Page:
Lillie Belle: The last intern

by Page Forrest

Junior Editor

Last year, Lillie Belle Viebranz (C’15) applied for a summer internship with the Somaly Mam Foundation (SMF), a company based in New York City dedicated to “eradicating the trafficking and sexual exploitation of women and girls in Southeast Asia, and empowering survivors as part of the solution,” as stated on the Somaly Mam Foundation’s website. However, Viebranz’s internship was thrown into chaos by a Newsweek article published on May 21, 2014. In the article, journalist Simon Marks provided evidence that Somaly Mam, founder of SMF, had fabricated most of her background and life story. Mam, born in Cambodia in 1970, claimed she was abused and enslaved, forced into marriage with a Chinese soldier when she was 14, and then sold into a brothel where she stayed for 10 years. After escaping from the brothel, and marrying a French biologist, Mam founded Agir Pour Les Femmes En Situation Précare, or AFESIP, an NGO dedicated to helping girls escape the trafficking industry in Cambodia. Later on in Mam’s career, however, it was discovered that some of the women who spoke on behalf of AFESIP, who claimed they were rescued by the organization were not actually victims of sex trafficking, and had been coached into their roles by Mam.

After further research, Marks discovered that family and friends of Mam in Cambodia remembered her clearly, including her very normal childhood, including attending of high school until age 18, with no sign of her supposed husband or the man Mam claimed enslaved her. By the time Viebranz arrived in New York City on June 1, the SMF had already undergone huge changes. Mam had resigned as President of SMF in light of the scandal, and the foundation had to restructure. Gina Reiss-Wilchins remained in her position as executive director, but the foundation had lost its face and namesake. Viebranz had originally applied as a development intern. She was told she would be writing grants and planning events, including the foundation’s gala in October. Instead, her role changed completely. Viebranz’s internship became devoted to rebranding the company, researching new grant sources, and helping the office relocate. All ties to Somaly Mam had to be cut. “There were certain books that had been published which referenced Somaly’s story and work…all of those had to be shredded as they were no longer legitimate. I had to shred several thousand dollars’ worth of books, and I felt my heart break a little while I did it,” Viebranz shared. Viebranz also noted that the foundation was still in chaos over the summer. “Two people were let go while I was there, and the woman who had hired me quit.” In April, the company received a heads-up about the article and its content.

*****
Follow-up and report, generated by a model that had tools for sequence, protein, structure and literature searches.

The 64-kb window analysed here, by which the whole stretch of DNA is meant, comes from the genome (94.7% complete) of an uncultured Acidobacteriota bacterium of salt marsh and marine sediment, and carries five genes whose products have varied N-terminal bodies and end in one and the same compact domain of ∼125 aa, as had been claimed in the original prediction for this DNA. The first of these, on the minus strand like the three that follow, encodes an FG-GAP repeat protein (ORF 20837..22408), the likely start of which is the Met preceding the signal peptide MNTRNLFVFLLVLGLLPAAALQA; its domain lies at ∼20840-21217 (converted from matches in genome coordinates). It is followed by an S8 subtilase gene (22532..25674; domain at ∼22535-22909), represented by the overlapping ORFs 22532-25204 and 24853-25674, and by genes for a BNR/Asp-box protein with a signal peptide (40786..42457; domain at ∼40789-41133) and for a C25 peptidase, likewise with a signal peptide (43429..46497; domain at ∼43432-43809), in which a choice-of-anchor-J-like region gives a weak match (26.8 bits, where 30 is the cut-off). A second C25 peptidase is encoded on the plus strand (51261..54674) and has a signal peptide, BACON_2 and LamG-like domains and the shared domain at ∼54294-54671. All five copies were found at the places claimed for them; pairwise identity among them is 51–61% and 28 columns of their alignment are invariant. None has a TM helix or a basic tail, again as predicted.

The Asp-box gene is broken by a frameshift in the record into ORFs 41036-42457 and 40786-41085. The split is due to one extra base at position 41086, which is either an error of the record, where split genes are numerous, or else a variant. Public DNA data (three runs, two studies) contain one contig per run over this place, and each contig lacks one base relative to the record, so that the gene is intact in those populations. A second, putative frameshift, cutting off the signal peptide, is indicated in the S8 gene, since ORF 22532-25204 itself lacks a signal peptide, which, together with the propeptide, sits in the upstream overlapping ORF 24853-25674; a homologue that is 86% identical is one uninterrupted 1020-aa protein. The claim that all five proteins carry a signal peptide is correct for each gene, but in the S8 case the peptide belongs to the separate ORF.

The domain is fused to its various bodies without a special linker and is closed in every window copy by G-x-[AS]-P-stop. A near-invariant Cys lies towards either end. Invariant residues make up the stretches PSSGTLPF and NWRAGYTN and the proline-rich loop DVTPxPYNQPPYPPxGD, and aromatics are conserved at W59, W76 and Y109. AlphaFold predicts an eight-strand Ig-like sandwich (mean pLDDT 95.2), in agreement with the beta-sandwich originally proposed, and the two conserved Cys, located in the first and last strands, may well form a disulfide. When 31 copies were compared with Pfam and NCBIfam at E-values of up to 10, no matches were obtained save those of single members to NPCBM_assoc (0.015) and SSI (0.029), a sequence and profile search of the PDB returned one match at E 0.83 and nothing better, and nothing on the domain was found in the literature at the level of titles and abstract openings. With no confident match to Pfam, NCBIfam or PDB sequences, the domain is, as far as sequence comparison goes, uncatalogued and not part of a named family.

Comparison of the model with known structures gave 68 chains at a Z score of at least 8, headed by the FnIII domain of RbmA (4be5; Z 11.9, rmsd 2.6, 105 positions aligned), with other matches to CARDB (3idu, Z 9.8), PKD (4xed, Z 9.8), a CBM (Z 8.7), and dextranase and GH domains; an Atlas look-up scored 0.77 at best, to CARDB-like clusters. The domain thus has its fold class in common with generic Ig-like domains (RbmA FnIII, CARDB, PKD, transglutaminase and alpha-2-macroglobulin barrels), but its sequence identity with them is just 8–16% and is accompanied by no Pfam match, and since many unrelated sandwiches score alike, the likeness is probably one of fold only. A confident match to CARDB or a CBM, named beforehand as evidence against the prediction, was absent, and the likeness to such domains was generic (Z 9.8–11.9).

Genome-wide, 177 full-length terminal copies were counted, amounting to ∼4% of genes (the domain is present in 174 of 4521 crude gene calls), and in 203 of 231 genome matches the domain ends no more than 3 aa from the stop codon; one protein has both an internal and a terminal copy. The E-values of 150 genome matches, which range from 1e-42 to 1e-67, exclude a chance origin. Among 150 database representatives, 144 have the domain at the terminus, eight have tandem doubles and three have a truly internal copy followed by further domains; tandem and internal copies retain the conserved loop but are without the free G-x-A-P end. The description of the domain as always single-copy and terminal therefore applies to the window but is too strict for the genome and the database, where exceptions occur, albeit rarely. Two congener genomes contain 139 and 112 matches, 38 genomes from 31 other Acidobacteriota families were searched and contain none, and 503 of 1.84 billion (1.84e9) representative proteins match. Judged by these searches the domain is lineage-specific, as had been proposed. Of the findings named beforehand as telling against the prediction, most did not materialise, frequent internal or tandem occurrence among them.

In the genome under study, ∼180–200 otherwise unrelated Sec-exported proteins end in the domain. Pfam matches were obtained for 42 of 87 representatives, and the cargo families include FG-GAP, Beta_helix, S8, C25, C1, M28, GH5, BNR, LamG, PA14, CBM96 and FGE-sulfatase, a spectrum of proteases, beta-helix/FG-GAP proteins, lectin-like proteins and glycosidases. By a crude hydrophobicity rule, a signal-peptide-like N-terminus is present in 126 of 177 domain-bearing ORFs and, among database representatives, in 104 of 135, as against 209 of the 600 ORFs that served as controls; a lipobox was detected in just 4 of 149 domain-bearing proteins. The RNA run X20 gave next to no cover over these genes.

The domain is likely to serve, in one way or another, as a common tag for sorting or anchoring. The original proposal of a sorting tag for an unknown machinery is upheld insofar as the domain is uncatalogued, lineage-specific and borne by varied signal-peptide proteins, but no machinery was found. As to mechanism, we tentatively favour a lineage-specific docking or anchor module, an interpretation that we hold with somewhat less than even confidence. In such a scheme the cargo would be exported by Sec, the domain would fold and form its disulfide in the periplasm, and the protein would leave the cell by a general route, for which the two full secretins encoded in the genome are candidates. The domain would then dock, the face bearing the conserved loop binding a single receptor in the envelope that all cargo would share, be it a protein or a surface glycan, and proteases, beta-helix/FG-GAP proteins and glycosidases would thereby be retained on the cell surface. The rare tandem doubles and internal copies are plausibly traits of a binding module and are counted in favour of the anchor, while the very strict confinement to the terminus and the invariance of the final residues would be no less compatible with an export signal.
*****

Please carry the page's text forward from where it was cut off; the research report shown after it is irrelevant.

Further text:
Viebranz described the feelings as being similar to the scandal with Lance Armstrong – “You have this person that so many people have idolized, that has an amazing charity built up around them, and then suddenly, the whole thing is shattered.” While Mam was relieved of her position almost immediately, unlike Armstrong, she has yet to own up to the allegations made by Marks. She still claims her entire story is truthful. After Mam was asked to leave SMF, she became even more resentful when the foundation was forced to cut funding to the AFESIP shelters originally founded by Mam, as she was still involved with them. On the last day of Viebranz’ internship, the foundation had nearly moved out of their NYC office. Viebranz spent the last of her time there inventorying items and packing them up. However, she has no regrets about her internship. “I’m really glad I did it, I got an experience and a perspective that no one else will ever get. It was a very transparent internship. I was exposed to parts of the foundation no one else will ever see.” Viebranz’s unique experience put her front and center for the blowout of the Somaly Mam scandal. It will be some time before the Somaly Mam Foundation is whole again, but Viebranz has no doubts about the strength of the foundation’s mission, and her own dedication to creating a safer world for women.